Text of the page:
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Waymo to bring self-driving minivans back to Bay Area, but not for passengers

Waymo to bring self-driving minivans back to Bay Area, but not for passengers

The self-driving minivans of Waymo are set to return to the streets of the San Francisco Bay Area, three months after the company stopped public testing of its autonomous vehicles due to the coronavirus pandemic.

Waymo is planning to relaunch its fleet of self-driving minivans into Bay Area streets on June 8, according to an email acquired by The Verge. However, instead of transporting passengers, the vehicles will instead focus on delivering packages for non-profit organizations #DrawTogether, which gives art kits to children, and Lighthouse for the Blind and Visually Impaired.

Transdev, which employs Waymo’s backup drivers for its self-driving minivans, said in the email that it will call back some of its workers depending on “job skills, business need, and seniority.” The deliveries to the non-profit organizations will only need one backup driver in each vehicle, and returning workers will undergo training sessions for new safety procedures that include social distancing and disinfection.

“Soon San Franciscans will also begin to see some Waymo vehicles back on the road, and we’re proud to provide charitable delivery support to community partners,” a spokesperson for the Alphabet-owned company confirmed with The Verge in a statement.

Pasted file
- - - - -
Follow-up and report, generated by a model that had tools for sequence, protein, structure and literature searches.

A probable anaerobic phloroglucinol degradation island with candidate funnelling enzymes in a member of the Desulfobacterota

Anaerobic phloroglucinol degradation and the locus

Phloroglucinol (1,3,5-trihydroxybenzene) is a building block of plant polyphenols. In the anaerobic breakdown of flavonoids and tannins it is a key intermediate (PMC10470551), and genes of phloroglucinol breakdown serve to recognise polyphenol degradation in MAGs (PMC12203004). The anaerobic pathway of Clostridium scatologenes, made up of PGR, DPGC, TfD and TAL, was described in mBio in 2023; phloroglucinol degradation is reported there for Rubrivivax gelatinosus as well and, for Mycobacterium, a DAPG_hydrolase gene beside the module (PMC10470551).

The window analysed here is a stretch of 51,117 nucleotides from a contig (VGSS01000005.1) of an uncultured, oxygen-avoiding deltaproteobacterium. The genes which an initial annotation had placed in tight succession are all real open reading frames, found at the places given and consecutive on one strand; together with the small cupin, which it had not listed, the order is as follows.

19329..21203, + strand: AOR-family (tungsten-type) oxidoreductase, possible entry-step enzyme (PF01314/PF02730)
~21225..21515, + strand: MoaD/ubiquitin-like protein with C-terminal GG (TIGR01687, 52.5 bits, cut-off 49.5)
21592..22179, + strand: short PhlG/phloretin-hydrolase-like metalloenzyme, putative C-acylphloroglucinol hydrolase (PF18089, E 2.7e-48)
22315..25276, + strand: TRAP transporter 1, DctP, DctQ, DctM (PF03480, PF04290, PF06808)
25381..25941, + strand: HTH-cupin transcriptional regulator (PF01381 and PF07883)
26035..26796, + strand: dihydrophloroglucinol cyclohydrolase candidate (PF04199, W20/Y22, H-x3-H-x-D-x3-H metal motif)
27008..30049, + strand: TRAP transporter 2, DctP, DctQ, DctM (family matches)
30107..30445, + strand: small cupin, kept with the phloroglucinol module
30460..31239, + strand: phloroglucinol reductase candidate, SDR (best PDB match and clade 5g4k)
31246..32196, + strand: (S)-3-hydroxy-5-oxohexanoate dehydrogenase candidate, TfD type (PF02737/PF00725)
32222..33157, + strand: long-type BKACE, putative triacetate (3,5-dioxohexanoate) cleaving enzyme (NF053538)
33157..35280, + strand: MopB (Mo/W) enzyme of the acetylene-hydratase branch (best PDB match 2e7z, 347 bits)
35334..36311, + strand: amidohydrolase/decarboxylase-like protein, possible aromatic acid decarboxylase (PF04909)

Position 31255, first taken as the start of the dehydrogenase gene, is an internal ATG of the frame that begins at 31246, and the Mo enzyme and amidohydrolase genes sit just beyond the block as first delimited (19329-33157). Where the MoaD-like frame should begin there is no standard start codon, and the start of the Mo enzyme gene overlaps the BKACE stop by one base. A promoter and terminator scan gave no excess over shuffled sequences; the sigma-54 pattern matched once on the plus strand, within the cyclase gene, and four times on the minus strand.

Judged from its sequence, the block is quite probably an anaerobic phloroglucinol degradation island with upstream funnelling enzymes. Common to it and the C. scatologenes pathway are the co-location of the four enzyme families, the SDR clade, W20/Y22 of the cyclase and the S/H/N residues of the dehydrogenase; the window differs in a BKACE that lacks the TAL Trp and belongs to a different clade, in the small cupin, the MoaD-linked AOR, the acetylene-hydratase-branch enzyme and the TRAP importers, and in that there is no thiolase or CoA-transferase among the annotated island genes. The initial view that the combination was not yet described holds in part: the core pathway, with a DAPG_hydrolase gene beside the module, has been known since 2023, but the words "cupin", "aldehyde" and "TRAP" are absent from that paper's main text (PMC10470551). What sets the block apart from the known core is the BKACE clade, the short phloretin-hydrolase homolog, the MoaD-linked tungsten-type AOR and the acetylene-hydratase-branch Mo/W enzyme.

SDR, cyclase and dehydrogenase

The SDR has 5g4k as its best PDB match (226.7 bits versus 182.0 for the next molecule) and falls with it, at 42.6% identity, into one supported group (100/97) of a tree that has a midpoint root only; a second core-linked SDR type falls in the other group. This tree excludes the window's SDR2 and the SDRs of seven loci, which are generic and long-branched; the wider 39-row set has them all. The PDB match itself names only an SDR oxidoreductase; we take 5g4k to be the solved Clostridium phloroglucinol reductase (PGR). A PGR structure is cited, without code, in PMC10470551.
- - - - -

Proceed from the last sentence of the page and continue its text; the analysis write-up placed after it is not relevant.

The pending return to the Bay Area follows Waymo’s restart of its testing program in Phoenix, as lockdown restrictions were eased earlier this month. Similarly, the company implemented new safety measures for returning workers, who were all required to undergo training. The autonomous vehicles will also soon also make their way back in Detroit and Los Angeles.

Waymo’s self-driving simulations

While Waymo’s vehicles were parked, the company continued developing its autonomous vehicle technology through simulations, which already played a major role in its operations before the coronavirus outbreak.

A single day of simulations is equivalent to 100 years of real-world driving, so most of the development work on any new software starts with simulations before rolling out to self-driving vehicles, according to Waymo. Real-world driving is still important, but it is comparably limited.

In simulations, Waymo may replay certain moments from 20 million miles of real-world driving by its test vehicles. Passengers may also be simulated, with machine learning models attempting to predict how driving behavior will affect the experience of passengers.


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